In 2010, the founders of the nonprofit organization Hudson Valley Home Matters chose the name wisely. As they contribute to the rapidly growing “aging in place” movement in this country — and around the world — their focus is always on senior citizens being able to stay in their own homes.
Barbara Corona, a member of the HVHM advisory board, explained that the organization is open to residents 50 years and older in Hyde Park, Poughkeepsie, LaGrange, Pleasant Valley, and Wappingers Falls and offers services that include transportation and referral to home repair contractors and health agencies. “Our members request the volunteers to do a whole host of things: roofs raked of snow, a hat stretcher. We say: Challenge us with what it is you need,” she said. “Then our coordinator is challenged to come up with the appropriate volunteer. The heart of it is people in the community helping other people in the community. The other challenge is putting the information out to seniors and raising enough money for those who cannot afford even the most basic services. Volunteers are the heart of this organization.”
John Scileppi is also a board member and training to become a volunteer. “This is a community, not a business,” he said. “As a result, we encourage people to be members and volunteers. Hudson Valley Home Matters is good both for the individual and for the community. It’s good for the individual in that it really enhances the quality of life by enabling people to stay in their homes. Our homes matter to us. What will it take to maintain your quality of life in your current home at a reasonable cost?”
Yearly HVHM membership for an individual is $500, and for a household is $700. According to Scileppi, there are approximately 50 individual memberships and 60 household memberships.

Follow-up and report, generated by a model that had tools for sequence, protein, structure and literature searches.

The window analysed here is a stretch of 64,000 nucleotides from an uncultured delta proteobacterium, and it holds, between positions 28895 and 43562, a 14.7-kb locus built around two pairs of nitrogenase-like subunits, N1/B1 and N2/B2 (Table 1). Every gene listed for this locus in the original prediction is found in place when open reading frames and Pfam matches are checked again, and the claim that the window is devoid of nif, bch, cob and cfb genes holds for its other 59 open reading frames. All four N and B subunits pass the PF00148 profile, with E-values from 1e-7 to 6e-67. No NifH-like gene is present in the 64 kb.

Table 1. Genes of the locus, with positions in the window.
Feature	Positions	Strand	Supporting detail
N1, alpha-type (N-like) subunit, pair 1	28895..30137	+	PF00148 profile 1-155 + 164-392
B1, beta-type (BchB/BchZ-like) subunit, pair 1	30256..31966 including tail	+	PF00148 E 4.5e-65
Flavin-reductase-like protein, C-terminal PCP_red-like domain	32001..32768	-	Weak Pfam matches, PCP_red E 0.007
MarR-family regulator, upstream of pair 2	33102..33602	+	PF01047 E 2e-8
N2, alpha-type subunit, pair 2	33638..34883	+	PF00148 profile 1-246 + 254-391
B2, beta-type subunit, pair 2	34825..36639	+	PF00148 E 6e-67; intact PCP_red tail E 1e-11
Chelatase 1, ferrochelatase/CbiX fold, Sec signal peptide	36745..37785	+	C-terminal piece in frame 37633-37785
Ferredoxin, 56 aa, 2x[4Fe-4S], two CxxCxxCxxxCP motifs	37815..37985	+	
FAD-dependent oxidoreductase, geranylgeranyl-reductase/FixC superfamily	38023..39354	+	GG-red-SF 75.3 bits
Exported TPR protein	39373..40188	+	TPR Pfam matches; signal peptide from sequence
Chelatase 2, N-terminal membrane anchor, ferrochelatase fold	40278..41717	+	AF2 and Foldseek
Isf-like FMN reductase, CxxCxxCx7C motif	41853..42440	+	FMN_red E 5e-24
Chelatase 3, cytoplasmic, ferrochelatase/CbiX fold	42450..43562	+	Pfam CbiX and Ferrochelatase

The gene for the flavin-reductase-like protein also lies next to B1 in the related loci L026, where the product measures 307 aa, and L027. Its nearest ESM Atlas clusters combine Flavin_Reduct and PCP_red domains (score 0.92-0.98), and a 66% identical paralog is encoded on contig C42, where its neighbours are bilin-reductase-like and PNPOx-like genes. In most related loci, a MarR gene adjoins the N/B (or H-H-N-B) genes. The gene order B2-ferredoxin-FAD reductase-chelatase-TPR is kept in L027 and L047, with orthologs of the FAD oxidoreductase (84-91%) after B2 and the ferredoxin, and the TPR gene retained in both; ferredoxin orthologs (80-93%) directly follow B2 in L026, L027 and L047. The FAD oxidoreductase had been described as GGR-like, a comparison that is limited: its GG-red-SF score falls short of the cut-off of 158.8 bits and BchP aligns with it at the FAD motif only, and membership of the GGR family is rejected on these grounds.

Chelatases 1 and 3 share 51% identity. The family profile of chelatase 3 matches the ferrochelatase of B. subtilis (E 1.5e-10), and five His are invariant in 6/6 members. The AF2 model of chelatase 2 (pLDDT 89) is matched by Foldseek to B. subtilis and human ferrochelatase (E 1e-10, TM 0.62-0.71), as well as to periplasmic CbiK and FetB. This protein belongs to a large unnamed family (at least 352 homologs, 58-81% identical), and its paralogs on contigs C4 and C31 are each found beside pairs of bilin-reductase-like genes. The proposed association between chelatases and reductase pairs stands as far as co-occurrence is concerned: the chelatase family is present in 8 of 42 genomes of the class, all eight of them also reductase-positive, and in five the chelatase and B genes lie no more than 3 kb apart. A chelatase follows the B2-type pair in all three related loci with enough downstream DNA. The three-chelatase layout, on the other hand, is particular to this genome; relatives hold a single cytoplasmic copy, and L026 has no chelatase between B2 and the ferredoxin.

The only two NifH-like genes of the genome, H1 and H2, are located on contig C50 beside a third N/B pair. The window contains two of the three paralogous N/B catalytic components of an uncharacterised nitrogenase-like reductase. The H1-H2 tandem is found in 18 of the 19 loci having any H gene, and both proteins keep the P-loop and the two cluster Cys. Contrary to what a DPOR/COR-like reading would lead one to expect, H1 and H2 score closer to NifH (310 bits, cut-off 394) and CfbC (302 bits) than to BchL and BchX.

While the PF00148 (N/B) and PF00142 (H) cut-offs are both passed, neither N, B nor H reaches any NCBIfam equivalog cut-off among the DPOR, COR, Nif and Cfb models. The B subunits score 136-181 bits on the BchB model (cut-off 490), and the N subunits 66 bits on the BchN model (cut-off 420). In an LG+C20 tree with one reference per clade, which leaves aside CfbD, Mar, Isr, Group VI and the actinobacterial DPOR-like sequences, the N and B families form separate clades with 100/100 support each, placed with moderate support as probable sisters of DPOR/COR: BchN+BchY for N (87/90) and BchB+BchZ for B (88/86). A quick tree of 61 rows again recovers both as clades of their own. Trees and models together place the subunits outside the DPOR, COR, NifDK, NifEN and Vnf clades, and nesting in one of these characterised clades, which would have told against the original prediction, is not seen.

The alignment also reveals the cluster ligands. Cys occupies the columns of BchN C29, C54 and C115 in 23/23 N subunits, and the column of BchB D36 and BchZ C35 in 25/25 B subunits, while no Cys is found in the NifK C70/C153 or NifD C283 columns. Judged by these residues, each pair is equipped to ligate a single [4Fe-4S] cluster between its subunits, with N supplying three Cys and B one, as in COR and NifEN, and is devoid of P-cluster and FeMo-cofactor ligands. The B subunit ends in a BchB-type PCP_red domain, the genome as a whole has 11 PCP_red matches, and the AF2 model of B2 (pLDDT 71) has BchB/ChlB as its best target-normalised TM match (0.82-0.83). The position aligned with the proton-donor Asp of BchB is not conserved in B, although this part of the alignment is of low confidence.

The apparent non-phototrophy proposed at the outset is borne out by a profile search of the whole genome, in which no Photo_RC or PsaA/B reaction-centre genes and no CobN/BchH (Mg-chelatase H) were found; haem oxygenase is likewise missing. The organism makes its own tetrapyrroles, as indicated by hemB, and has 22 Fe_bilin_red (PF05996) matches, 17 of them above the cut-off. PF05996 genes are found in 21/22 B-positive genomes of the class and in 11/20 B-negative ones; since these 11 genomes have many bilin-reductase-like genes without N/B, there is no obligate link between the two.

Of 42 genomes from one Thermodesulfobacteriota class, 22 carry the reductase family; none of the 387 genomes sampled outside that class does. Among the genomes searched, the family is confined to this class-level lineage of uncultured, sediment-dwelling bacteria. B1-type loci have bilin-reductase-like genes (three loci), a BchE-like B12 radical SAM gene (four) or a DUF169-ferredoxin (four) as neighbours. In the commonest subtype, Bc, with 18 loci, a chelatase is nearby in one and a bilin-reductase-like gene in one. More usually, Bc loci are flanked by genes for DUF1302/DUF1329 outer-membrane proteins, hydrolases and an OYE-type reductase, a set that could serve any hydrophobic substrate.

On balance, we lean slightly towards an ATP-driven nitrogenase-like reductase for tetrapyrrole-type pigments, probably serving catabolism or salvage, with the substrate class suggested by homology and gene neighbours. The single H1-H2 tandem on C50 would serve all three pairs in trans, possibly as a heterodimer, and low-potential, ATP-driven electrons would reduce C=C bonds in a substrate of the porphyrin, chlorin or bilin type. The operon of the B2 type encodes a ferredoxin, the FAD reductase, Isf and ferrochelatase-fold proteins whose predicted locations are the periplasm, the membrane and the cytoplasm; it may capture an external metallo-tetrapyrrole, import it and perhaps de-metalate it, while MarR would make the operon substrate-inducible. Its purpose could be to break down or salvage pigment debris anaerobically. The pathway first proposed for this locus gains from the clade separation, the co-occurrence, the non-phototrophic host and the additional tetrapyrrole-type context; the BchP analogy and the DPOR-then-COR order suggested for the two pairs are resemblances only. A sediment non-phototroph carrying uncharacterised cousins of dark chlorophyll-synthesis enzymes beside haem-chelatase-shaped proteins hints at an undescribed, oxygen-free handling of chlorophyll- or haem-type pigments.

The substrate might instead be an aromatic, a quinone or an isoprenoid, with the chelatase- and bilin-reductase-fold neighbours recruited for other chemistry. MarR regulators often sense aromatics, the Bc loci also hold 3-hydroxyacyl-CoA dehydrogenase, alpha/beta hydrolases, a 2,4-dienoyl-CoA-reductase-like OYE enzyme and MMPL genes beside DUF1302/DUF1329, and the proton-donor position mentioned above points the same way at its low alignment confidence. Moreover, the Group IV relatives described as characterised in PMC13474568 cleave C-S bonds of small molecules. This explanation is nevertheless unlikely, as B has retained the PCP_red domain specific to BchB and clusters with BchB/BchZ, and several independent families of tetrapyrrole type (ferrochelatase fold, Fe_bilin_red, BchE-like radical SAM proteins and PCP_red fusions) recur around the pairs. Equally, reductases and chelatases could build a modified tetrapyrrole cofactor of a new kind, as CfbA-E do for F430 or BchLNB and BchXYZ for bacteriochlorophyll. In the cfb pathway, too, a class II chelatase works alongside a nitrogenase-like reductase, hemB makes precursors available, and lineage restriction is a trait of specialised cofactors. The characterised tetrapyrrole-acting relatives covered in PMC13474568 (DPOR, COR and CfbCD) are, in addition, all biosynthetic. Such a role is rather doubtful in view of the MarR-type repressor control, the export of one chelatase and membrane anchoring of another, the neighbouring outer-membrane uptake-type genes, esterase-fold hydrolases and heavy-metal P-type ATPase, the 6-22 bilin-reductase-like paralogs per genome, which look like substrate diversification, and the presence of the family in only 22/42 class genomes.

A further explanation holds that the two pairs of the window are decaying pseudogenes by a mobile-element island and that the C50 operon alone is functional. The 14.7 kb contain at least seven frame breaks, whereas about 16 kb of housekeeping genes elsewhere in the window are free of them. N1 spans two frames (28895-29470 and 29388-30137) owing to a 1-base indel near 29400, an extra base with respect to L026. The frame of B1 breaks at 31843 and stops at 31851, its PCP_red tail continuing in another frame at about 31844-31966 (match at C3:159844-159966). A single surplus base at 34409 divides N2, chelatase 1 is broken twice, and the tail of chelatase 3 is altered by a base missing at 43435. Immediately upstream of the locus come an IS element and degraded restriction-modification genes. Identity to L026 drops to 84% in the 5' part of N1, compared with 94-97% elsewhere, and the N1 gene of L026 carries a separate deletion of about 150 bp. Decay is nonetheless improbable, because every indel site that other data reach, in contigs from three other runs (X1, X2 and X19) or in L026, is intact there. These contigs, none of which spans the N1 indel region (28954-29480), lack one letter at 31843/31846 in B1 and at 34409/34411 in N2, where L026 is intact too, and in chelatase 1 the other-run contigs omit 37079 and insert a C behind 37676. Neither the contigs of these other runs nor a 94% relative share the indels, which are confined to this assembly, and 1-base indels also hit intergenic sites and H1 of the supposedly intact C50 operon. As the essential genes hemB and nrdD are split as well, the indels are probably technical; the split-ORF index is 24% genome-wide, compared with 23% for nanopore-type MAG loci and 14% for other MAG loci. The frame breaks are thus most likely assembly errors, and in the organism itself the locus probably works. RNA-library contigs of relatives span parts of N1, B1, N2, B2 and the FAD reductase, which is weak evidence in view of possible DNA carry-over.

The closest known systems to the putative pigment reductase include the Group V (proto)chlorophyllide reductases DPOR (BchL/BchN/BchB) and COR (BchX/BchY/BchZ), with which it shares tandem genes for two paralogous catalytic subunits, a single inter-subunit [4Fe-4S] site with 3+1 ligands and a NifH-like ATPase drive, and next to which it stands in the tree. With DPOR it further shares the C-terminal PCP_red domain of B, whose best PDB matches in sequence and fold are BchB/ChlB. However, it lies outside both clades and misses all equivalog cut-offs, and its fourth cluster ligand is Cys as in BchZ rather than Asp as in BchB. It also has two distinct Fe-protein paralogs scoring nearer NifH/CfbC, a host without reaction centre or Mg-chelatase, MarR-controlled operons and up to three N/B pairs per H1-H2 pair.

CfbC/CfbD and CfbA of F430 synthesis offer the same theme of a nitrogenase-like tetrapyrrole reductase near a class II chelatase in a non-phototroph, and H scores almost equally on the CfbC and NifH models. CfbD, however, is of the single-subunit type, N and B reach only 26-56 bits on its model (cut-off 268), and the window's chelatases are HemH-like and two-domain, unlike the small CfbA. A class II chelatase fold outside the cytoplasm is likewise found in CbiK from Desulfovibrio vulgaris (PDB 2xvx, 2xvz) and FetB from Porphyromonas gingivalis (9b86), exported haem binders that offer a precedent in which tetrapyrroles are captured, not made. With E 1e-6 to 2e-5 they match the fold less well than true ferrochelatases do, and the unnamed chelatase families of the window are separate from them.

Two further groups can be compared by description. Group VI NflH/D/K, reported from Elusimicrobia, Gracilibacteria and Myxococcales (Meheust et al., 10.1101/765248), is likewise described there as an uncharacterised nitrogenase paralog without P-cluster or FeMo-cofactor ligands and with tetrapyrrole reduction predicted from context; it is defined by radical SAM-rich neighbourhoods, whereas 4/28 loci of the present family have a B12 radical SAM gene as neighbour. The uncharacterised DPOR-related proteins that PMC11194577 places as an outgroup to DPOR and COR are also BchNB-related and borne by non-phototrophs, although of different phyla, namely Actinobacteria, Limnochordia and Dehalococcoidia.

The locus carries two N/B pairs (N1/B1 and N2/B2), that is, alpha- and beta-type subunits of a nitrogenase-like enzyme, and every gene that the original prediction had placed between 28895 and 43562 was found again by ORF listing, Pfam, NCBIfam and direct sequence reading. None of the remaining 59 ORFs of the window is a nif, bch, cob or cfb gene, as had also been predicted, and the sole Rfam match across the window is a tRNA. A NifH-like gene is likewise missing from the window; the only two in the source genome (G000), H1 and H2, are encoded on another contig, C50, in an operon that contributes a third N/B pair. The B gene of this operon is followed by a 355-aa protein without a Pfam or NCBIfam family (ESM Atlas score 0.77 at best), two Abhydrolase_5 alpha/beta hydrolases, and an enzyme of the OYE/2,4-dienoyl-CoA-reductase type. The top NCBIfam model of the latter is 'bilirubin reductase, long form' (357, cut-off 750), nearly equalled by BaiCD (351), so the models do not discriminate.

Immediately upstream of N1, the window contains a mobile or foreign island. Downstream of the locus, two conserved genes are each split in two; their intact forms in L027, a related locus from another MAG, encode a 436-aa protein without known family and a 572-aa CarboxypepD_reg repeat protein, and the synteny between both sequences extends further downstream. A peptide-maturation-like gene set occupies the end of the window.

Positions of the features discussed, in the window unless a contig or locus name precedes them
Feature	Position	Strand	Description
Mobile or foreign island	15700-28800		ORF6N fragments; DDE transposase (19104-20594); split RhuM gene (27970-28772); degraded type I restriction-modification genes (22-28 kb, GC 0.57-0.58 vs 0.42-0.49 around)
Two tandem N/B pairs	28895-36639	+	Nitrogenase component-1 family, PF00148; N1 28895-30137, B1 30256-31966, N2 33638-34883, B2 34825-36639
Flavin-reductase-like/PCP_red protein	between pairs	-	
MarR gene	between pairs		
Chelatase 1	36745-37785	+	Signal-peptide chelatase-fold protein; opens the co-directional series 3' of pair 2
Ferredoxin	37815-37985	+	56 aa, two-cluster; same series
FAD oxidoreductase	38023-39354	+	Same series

John added, “People will be more inclined to call if the service is accessible and friendly, and many of the members find that they have skills that they can share. Some people will maintain, ‘I’m not ready for this,’ but perhaps they could consider this as another kind of insurance. You may not need it right away, but when you do, you want to make sure it’s going to be there. We need to make sure we have a good number of members, and so by joining, you are helping to maintain this important resource in the community.”
Betty Perreault has been an HVHM member for almost four years. “They built my ego,” she said of her experience with volunteers. “I’m legally blind, and they’ve been a godsend. We’ve done a lot of things together; they’re very nice. I had someone help me get the clutter out of my house, and she’s still coming because we got to be such good friends.”
HVHM president Karl DeKeukelaere started by volunteering a little over four years ago. “I did some driving, home visits, helping with computers. I enjoy meeting them all,” he said. “There are some fascinating backgrounds that some of these people have. I drove one of our members who mentioned he was in the Navy in WWII, and then he told me he had watched the raising of the flag on Iwo Jima. Our conversations always make the visits interesting. We’re always trying to think of ideas in our board meetings for social events that will get our members out of the house.”
He added, “We want to make contact with local organizations, churches, to let all their members know that our services are available if needed.”
At the organization’s monthly luncheon, held Sept. 17 at the Hyde Park Brewery, the guest speaker, Dr. Shirley Johnson-Lans, an economics professor at Vassar College, talked to the 20 attendees about navigating the Medicare system.
Christine McNamara, the HVHM Member Services Coordinator, is referred to by more than one member as the heartbeat of the organization. “Sometimes people are not yet ready to be members but they might be willing to be volunteers,” she said. “We have an outreach team to call on members once a month to see how they’re doing.”
She added, “I’m in my fourth year as a part-time paid employee, but I started as a volunteer.”
The organization will have a table at the Hyde Park Fall Fest in Hackett Hill Park this Saturday, Sept. 27, for those who want more information.